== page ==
Designer Rick Owens embarks on his first-ever furniture exhibition with his “Evolution” show in London. Owens’ original foray into the furniture world came courtesy of his love of the work of Swiss-French architect, Le Corbusier. Unable to afford originals from the architect, Owens would re-create and re-appropriate his own pieces. The showcase includes common house-hold items such as chairs, sofas, tables and lamps constructed in an style that isn’t unlike his more well-known fashion design. The exhibition is taking place at London’s Sebastian + Barquet gallery until the end of the month.
LONDON — When Rick Owens is stuck for fashion inspiration, his first instinct is to turn to Le Corbusier for help — and the late Swiss-French architect never fails to deliver.
“I look at architecture for inspiration. If I’m wondering where to go with a collection, all I need to do is open a Le Corbusier book, and the consistency, the integrity of his work tells me what my next step should be,” said Owens, who’s famous for his dark, dramatic silhouettes and passion for fur.
Le Corbusier has been an inspiration in other ways too. When Owens realized he couldn’t afford to own any works by Le Corbusier — or those by his other 20th-century design idols like Jacques-Emile Ruhlmann, Robert Mallet-Stevens and Eileen Gray — he started making furniture of his own.
“I faked it — I Scotch-taped things together and made cartoon versions, inspired by what I love,” he said in a telephone interview from Paris. Over the years, his very personal furniture collections have blossomed into a design business that’s shown and sold separately from his fashion line. Now he has his first-ever London show, “Evolution,” at Sebastian + Barquet’s gallery here, which runs until the end of September.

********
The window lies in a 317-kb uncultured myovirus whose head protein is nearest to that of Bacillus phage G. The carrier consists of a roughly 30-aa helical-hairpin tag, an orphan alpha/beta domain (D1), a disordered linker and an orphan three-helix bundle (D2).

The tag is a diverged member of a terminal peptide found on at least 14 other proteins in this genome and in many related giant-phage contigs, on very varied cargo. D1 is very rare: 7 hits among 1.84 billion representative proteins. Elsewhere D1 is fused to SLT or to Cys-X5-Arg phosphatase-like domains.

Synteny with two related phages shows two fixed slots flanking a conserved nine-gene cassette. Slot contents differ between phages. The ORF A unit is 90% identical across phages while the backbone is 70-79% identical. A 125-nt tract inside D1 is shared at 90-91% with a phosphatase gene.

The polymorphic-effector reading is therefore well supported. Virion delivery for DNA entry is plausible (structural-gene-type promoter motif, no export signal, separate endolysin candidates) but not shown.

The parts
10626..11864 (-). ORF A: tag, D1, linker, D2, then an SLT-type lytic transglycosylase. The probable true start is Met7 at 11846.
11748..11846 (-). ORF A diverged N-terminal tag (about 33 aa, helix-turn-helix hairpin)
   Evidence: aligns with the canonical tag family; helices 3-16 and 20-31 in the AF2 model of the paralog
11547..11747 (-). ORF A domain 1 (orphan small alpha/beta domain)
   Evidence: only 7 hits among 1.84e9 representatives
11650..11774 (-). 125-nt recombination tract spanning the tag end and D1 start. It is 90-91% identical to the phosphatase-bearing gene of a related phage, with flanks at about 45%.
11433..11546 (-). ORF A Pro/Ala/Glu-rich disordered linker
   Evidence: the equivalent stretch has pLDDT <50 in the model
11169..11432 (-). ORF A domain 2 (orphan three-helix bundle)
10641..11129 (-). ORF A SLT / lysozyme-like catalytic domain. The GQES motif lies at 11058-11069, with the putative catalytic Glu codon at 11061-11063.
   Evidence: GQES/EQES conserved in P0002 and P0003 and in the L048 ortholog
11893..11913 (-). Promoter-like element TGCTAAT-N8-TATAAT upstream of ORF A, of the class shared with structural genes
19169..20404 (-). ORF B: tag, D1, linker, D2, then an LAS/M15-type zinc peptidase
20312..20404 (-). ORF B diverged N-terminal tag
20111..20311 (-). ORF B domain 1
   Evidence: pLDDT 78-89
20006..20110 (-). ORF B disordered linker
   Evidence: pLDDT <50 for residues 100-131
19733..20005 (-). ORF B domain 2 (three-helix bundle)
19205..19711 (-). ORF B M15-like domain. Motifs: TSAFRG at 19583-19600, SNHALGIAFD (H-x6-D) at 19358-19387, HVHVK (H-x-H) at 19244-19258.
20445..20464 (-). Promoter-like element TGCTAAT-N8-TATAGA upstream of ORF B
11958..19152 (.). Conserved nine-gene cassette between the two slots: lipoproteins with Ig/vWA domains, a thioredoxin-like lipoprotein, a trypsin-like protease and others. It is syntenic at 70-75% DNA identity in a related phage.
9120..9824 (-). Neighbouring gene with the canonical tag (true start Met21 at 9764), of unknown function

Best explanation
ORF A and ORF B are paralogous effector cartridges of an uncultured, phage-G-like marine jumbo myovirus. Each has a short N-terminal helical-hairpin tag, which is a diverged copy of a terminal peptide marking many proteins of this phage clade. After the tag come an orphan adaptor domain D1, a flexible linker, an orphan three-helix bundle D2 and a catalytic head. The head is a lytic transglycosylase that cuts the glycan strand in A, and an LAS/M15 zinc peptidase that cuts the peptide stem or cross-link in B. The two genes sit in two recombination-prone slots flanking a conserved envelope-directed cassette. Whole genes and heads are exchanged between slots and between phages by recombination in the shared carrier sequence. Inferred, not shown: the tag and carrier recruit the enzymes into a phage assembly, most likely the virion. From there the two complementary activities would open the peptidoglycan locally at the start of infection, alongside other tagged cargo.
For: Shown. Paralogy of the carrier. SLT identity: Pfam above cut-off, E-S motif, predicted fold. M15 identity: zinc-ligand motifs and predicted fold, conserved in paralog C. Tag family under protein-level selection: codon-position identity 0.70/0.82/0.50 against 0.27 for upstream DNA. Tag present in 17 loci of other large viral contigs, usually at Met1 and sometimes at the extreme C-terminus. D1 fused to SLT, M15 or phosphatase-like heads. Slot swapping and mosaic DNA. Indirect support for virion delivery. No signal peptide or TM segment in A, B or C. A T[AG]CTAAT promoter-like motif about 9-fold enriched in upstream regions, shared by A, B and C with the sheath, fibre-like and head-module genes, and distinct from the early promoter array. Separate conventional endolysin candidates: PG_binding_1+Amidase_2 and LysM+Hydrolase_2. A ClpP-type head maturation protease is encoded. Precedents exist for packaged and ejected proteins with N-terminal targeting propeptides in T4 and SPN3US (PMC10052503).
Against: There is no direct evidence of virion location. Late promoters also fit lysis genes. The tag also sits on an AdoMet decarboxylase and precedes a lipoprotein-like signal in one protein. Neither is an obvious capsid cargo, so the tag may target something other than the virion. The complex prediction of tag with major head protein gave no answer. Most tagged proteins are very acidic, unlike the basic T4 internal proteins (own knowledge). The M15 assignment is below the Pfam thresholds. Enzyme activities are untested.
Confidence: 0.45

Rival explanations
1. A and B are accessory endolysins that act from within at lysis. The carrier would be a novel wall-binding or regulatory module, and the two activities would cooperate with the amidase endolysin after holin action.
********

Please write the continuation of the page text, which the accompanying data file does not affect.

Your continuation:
The show features Owens’ imposing, raw-edged chairs, sofas, tables and lamps crafted from materials supple and sharp: Antlers, black-and-white marble, shearling and fisher fur.
He calls the antlers on his angular plywood chairs “brutalist crowns,” and said he loves the way their elegance contrasts with the chairs’ crude wooden shapes. Plywood is one of his all-time favorite materials, and a staple, “the washed black leather,” he said, of his furniture collections.
He works in limited runs and tries to keep the collections “raw.” The furniture sells through art galleries rather than through his stores. “It’s 1,000 miles away from a ‘home collection.’ He is a designer who happens to be working in another medium — and coming from an entirely different direction from the fashion,” said Oscar Humphries, who cocurated the show with Rudy F. Weissenberg. “He’s got a clear view of how he thinks people should live, and that’s very inspiring,” said Weissenberg.
The limited edition pieces are for sale, with prices that range from 1,800 pounds, or $2,970, for a wooden bench to 22,000 pounds, or $36,300, for a suede and wood sofa. Owens agrees with the gallerists — he said he doesn’t want the furniture to be viewed as some sort of accessory to his clothing. However, he admits the origins are the same. “It all has to belong to one universe,” he said.